Donnelly, or the part of her that was still merely Donnelly, understood. She had sung of mysteries in a cold acid pool. She feared the angry Winds in the clouds of an immense Jovian world. She had told untellable tales brought home from far stars. Wave after wave washed over a flickering flame of belief in . . . what? Created in Godís image? How could we have gotten it so wrong ? But in each experience, one truth was common: Life was precious. And too short.
         The Seeker stepped away. “You can't help me. I have shared your mind. You believe in a non-body self that continues beyond the end of physical life functions. A common belief. Yet you have no evidence to support it.
         “Also— ” The Talker frowned as if it were tasting something sour. “Your species has thought itself alone in the cosmos. This I have never experienced. It was not a pleasant sharing. I will carry the memory with me and share you with other non-self forms. In this way you—” It poked a glassy finger against Donnellyís chest. Fireflies flew within its wintry branches. “—may be immortal, in a way, according to your belief system.”
         The alien lowered its Talker back into its body. The meaty mouth spoke through a nest of ice. “I regret that I may not live long enough to find my answers. There is much to see and very little time.”
         With the murmur of windchimes, the alien — no, the pilgrim, the searcher — scurried backward down the aisle. The rear door keened on its hinges.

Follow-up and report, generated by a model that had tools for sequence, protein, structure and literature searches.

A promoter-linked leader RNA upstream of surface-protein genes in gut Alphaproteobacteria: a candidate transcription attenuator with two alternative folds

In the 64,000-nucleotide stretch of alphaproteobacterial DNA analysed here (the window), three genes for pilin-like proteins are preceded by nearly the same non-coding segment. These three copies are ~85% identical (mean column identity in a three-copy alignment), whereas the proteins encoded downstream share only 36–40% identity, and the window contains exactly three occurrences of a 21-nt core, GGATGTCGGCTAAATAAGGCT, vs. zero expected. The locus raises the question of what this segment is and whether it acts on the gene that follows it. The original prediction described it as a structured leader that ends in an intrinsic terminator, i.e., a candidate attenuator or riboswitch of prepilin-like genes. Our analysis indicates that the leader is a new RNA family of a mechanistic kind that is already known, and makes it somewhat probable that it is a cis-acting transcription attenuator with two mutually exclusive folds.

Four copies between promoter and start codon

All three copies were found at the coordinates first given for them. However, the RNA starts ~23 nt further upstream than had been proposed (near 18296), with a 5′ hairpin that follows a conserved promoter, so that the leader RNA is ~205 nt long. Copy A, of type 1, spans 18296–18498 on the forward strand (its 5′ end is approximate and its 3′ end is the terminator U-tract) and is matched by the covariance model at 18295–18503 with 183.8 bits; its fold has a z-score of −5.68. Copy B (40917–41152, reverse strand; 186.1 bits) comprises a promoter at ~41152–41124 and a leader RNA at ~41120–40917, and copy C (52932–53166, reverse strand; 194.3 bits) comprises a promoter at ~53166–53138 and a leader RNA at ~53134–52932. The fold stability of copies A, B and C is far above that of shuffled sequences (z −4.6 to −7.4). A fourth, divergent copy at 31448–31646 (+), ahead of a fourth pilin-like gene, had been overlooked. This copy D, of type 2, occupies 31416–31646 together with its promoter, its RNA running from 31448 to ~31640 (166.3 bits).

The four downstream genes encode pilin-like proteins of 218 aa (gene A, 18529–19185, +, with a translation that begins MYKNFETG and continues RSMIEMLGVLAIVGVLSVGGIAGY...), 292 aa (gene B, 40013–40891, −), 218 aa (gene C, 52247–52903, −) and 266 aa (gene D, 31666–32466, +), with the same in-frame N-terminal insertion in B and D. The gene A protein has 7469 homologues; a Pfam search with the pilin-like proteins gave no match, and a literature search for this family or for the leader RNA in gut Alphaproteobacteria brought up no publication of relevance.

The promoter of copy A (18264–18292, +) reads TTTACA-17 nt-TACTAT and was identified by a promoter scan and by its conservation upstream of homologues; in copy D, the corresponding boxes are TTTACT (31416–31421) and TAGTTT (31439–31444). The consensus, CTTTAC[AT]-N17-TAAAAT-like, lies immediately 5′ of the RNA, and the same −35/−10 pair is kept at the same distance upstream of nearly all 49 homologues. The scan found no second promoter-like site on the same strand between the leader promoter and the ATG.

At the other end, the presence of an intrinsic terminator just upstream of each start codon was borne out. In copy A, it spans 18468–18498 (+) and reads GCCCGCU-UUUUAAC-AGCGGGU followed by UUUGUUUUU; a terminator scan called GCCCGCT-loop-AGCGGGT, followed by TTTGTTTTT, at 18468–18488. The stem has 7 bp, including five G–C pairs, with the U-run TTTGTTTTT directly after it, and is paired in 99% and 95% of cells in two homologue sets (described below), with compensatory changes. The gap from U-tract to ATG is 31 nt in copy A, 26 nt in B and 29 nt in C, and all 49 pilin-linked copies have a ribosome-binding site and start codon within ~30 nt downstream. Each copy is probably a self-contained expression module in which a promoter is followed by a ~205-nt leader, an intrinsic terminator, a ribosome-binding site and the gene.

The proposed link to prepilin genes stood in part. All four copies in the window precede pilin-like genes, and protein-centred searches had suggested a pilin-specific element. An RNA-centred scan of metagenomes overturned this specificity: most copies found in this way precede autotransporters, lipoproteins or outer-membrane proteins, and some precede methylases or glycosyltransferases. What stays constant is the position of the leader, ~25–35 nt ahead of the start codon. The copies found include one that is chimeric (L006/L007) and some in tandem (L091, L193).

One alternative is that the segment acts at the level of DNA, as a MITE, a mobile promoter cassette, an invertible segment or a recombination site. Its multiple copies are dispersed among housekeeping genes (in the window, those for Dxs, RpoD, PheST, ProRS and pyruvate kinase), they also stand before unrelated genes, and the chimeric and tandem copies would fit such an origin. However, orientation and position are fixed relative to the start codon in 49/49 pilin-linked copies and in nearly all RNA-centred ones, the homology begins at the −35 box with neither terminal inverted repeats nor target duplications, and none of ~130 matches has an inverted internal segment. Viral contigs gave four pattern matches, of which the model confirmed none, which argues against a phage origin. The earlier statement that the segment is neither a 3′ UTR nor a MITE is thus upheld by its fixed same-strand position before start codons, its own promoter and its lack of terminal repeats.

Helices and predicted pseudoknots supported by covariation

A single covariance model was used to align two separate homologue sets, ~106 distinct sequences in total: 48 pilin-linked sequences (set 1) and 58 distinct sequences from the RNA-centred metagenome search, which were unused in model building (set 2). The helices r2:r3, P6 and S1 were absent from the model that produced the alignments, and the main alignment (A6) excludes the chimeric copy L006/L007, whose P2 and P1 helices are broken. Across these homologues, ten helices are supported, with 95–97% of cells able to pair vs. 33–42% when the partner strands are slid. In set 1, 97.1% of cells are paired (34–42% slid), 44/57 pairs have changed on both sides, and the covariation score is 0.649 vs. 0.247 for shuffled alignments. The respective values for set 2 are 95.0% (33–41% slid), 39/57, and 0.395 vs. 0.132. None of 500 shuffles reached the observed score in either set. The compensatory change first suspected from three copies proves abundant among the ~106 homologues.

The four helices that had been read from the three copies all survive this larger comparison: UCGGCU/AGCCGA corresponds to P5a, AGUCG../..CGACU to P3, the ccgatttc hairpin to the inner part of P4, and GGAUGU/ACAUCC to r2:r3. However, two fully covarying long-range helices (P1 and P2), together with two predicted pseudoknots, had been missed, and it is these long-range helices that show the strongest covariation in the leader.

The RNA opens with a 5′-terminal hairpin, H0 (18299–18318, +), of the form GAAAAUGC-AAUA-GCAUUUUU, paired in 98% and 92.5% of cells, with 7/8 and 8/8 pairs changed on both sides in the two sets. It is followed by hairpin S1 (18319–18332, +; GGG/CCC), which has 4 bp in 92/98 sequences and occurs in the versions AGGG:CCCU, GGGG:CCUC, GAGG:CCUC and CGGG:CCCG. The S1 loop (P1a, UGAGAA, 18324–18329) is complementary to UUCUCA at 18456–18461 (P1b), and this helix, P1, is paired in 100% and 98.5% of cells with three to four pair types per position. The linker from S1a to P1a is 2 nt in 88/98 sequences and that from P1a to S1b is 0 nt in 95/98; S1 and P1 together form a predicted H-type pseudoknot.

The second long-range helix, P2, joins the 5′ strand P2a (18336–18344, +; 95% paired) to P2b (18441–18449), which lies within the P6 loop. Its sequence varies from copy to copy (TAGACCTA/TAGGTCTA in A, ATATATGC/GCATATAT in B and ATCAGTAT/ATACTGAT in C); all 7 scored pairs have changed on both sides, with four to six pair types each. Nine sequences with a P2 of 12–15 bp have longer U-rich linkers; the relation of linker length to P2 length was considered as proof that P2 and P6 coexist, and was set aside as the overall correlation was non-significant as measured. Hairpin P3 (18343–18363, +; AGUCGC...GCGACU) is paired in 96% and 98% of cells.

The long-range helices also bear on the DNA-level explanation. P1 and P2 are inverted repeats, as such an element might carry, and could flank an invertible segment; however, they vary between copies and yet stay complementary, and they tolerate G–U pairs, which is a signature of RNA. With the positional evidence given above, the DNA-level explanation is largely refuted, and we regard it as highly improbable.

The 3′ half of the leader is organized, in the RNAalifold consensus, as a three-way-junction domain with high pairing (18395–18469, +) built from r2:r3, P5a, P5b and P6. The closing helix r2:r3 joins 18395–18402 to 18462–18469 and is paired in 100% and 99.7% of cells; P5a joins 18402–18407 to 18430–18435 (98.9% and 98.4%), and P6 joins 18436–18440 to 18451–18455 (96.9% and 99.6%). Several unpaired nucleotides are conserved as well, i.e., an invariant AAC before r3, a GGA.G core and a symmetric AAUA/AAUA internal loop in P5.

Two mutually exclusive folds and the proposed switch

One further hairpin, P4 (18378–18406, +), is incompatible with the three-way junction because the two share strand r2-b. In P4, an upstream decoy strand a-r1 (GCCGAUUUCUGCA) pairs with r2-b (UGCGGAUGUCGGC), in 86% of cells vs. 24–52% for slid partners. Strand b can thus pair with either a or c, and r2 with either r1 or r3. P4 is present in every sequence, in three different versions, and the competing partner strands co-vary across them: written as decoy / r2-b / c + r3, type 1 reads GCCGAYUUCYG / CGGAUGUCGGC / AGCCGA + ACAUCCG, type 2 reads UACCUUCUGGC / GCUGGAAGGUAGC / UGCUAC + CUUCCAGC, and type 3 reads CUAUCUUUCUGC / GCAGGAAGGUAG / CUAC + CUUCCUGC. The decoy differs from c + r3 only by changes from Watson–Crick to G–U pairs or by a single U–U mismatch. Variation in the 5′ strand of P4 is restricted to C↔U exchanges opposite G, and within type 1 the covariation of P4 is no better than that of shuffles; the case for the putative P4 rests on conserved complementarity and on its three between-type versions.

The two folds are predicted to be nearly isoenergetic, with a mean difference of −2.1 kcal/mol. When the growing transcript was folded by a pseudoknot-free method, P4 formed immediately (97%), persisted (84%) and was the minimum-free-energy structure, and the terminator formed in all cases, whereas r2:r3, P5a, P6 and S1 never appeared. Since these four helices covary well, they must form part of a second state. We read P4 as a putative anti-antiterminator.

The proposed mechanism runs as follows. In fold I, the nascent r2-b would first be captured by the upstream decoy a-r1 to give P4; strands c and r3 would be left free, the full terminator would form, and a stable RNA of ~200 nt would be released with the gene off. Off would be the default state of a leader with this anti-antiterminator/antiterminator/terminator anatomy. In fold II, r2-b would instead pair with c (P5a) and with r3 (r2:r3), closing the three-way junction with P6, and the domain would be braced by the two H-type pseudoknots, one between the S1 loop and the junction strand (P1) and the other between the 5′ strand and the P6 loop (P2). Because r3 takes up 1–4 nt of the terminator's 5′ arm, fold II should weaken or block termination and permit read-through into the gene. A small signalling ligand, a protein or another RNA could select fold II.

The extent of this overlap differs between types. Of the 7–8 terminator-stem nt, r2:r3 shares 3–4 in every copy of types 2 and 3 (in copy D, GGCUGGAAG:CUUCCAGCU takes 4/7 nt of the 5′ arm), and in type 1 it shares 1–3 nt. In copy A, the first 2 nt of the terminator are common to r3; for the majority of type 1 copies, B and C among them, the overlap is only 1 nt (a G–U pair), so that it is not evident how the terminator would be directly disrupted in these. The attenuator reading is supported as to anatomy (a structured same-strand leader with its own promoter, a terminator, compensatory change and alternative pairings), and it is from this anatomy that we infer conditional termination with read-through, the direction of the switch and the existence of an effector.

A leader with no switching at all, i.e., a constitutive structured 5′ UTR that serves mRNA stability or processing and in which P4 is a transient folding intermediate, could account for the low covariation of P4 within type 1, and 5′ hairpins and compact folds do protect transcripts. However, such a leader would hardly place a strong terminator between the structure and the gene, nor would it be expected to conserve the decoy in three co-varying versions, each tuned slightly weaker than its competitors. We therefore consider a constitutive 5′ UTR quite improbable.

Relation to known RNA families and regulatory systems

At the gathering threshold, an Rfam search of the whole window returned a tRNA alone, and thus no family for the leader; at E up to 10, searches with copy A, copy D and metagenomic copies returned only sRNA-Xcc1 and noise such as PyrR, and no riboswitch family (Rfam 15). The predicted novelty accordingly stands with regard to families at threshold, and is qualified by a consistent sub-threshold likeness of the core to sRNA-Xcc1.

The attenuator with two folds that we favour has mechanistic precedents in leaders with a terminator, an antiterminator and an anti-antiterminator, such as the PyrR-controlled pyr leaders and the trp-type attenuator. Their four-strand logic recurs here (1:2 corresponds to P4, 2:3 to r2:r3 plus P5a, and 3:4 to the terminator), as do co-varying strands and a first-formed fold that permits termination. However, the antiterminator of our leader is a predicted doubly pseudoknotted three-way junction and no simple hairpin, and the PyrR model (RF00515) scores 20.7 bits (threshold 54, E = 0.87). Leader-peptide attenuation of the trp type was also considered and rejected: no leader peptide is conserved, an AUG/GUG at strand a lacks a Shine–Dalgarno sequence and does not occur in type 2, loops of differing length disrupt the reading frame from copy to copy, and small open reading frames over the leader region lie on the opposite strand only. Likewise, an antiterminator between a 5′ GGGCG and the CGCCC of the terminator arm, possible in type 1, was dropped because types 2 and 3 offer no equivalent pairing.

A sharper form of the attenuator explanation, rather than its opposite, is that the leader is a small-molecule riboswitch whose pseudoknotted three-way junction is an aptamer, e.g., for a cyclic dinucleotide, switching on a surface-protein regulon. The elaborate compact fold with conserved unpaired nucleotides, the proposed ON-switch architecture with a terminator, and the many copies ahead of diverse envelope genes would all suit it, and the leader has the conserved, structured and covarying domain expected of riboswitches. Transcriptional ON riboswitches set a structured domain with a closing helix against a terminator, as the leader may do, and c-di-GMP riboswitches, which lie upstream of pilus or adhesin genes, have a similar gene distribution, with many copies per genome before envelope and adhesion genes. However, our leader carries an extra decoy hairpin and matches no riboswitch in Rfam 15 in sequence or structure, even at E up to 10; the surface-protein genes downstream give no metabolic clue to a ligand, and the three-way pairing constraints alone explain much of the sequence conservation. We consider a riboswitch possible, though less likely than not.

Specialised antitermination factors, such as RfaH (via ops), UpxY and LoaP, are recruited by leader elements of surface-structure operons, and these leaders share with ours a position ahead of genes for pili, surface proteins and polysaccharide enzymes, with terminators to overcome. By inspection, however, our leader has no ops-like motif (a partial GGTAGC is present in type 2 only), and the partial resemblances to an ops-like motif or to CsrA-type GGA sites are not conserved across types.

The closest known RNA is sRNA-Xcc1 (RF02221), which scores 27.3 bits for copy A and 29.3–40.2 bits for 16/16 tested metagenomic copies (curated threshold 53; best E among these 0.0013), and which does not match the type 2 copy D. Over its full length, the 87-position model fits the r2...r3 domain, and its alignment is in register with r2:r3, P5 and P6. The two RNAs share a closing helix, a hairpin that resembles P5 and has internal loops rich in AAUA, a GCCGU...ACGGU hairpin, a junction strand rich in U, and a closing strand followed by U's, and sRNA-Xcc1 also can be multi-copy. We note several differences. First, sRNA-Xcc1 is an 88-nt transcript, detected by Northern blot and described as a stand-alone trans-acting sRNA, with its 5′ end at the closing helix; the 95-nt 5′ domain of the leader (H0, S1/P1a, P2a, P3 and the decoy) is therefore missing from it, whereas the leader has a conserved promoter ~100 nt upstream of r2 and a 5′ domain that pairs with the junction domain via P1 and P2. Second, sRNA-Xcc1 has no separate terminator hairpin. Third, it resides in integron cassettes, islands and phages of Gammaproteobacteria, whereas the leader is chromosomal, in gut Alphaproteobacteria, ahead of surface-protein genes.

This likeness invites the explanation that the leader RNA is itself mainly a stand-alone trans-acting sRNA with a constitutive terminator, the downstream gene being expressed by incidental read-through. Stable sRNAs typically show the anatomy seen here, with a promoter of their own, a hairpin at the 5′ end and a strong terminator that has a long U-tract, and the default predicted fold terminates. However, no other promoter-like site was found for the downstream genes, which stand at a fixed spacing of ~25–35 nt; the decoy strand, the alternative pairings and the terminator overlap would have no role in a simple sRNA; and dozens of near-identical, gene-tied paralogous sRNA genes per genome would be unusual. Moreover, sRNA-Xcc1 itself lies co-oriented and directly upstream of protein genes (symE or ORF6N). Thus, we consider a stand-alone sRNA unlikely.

A chill breeze ran along the carpet and curled around Donnelly. She tried to sing a song born beneath a heaven far richer than the barren skies of Earth. She yearned for something wonderful she could not name. Her skin remembered the hot embrace of a red sea and the electric prickle of a stellar wind. The insides of her eyelids, she knew, would never again show merely darkness.
         All it takes is the faith of a mustard seed, she had told her flock. Lifetimes ago. But a mustard seed tossed into an infinite orchard . . .
         Silently, Donnelly offered up a prayer.
         After a long while, she stood, massaged stiff muscles, and slowly walked down the aisle to the door. It moaned a last lingering lament as she opened it.
         There were glints of light in the graveyard across the road. The Seeker was there, studying the ornate headstones. Donnelly wondered if it really enjoyed traveling alone. It couldnít hurt to ask.
         She locked the door behind her and followed the prints through the fresh mantle of Christmas snow.

 


Back to the Fiction page

Back to Mark's main page